The Library of Congress provides free access to Chronicling America, a wonderful collection of historic newspapers. It's important to find the newspapers local to your ancestor's neighborhood. If those hometown papers are not yet posted to Chronicling America, you can use the U.S. Newspaper Directory to see which repositories house the archives. You can also contact the Library of Congress Newspapers and Periodicals Reading Room to learn about additional publications and resources. Finally, reach out to repositories in the appropriate state, particularly near your ancestor's home, that may have local newspaper issues.
Poll Taxes and Voter Registrations
Find out if she paid her poll tax and registered to vote. Poll taxes were generally filed with property taxes at the local level. This may seem misleading because property ownership was not required in order to be an eligible voter in 1920, but that office was usually where fees were paid. Likewise, voter registrations were processed locally and should be in the custody of the county elections office.
There are limitations to poll tax and voter registration records because, in spite of the Amendment, not everyone was given an equal opportunity to participate. Women of color, like men of color, were forced to overcome intentional obstacles such as literacy tests and the poll tax itself. If your ancestor does not appear as a registered voter, you may want to dig deeper into the local history of their town, county, and state to determine what tactics may have inhibited their opportunity to register to vote.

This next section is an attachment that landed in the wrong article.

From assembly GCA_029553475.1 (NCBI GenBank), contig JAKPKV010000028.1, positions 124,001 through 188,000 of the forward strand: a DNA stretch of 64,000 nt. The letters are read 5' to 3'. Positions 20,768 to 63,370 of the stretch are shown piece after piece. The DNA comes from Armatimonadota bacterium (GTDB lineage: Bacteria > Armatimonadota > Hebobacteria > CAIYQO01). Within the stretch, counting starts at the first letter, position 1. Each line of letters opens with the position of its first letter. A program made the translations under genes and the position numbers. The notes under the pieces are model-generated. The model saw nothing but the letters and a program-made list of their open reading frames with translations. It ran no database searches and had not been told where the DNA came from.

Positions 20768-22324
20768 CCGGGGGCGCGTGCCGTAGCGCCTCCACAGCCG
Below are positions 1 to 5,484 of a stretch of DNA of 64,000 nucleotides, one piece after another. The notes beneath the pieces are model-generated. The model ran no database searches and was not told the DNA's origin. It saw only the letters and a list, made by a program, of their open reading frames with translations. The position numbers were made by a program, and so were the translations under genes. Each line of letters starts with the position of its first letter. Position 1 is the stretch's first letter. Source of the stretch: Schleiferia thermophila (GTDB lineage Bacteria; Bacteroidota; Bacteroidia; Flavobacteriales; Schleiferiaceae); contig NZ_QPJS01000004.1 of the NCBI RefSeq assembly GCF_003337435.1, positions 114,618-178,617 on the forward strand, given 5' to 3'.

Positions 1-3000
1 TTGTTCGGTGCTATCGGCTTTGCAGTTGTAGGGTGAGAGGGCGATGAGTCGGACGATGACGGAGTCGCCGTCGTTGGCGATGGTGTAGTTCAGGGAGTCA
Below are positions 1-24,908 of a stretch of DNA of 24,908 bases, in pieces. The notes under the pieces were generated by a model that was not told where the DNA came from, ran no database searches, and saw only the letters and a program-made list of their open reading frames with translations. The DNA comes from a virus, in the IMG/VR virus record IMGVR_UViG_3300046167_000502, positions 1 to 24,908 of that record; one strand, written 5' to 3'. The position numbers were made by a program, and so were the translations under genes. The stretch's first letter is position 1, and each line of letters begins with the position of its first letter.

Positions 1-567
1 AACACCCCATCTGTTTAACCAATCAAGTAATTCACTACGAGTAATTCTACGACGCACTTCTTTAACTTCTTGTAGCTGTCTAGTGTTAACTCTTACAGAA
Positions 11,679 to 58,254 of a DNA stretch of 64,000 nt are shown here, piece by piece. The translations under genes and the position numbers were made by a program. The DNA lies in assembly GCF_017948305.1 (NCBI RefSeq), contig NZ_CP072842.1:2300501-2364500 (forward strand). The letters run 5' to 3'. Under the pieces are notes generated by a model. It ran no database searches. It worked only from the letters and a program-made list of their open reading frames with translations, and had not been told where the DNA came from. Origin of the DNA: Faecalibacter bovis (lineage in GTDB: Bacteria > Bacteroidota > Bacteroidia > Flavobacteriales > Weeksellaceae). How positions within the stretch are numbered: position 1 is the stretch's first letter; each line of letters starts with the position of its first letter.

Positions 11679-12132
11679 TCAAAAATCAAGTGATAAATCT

These records also do not tell you how your female ancestor felt about being enfranchised, but whether or not she registered to vote or tried to register to vote, in the first election for which she was Constitutionally eligible, is a relevant part of her story and place in history.
Additional Ways to Contact Us
Send written correspondence to:
Researcher and Reference Services Division
101 Independence Ave. SE
Thomas Jefferson Building, LJ 100
Washington, D.C. 20540-4660
The staff of the Library of Congress cannot undertake research in family history or heraldry. In order to perform work of this nature satisfactorily, it is necessary to identify a particular branch of the family concerned, and, because of the time and effort involved, searches for this kind of information usually require the services of a professional genealogist or heraldic searcher.